An in-depth study of Greg Egan’s fiction that forgoes any forays into the biographical and only works with the fiction output provided by Egan himself, sorted into four chapters (ethics, identity, science and society). As a big fan of Egan who has read nearly everything he’s written, there’s nothing new to be found, not even in the new interview between Burnham and Egan at the end, which merely underscores points he made in other interviews or his fiction.
It’s a good overview of Egan’s themes, his strengths and weaknesses as a writer and his career path, but at least to me it lacks a more methodical and less haphazardous comparison to similar writers. Watts and a few others are mentioned, but apart from a welcome if a bit meandering discourse of Ted Chiang’s work compared to Egan (and a close analysis of one of Chiang’s stories), there’s not much there to position Egan to his contemporaries beyond the superficial (he’s at the core of what hard SF is, he writes transhuman fiction but doesn’t adhere to the Singularitarians, etc.).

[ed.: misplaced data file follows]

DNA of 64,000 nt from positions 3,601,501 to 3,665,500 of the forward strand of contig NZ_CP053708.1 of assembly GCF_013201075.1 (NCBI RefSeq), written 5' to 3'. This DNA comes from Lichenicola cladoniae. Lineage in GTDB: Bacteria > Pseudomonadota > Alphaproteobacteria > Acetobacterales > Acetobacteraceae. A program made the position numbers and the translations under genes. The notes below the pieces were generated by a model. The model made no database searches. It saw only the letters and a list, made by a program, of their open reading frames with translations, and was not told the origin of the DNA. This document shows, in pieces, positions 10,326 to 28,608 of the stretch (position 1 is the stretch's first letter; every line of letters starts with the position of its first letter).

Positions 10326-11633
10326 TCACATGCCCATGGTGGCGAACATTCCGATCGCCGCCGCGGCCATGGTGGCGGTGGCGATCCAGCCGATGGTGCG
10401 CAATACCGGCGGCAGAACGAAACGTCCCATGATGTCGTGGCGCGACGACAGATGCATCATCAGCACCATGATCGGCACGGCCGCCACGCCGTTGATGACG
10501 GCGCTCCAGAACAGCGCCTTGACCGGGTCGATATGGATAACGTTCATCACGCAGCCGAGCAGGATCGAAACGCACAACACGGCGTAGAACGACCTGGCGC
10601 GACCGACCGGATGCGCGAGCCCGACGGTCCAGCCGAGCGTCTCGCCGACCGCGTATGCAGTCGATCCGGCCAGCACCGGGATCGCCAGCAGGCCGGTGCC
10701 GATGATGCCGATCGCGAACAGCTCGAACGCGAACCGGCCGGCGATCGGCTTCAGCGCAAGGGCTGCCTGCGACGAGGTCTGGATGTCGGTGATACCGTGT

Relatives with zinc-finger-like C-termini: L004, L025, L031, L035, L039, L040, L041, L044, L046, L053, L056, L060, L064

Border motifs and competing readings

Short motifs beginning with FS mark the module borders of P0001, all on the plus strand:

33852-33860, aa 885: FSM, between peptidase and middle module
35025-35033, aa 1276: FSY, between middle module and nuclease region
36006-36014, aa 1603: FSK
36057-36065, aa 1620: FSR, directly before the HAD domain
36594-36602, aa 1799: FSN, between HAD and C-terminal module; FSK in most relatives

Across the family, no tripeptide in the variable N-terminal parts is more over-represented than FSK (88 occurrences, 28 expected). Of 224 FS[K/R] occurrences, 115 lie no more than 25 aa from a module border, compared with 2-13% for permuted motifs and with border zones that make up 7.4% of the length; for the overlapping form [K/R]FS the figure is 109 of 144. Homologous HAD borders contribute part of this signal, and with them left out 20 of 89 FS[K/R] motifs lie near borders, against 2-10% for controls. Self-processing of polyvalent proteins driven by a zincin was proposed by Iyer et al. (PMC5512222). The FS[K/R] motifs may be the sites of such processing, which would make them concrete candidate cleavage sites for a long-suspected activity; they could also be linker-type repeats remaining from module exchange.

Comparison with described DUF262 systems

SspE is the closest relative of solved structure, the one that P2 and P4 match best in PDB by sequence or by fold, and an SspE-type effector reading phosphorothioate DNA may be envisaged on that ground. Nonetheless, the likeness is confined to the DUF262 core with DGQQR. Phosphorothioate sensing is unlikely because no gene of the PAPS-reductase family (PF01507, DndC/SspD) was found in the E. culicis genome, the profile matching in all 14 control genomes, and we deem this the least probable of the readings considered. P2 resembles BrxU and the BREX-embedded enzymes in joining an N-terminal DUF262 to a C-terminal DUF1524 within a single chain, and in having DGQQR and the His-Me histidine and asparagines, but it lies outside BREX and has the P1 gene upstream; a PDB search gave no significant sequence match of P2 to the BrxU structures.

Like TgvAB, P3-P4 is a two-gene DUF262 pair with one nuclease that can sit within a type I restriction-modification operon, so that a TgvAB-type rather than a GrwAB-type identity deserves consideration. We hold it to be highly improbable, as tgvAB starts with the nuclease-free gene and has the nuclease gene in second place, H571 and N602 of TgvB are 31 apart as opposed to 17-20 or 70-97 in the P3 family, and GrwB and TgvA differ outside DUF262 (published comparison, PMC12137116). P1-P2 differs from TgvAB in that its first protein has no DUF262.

It’s all the fact, sorted in an easily digestible package. Probably far more interesting to those who read only a fraction of his fiction and want a primer for the rest. Don’t expect any new or deeper insight beyond the obvious ones you get from reading his fiction.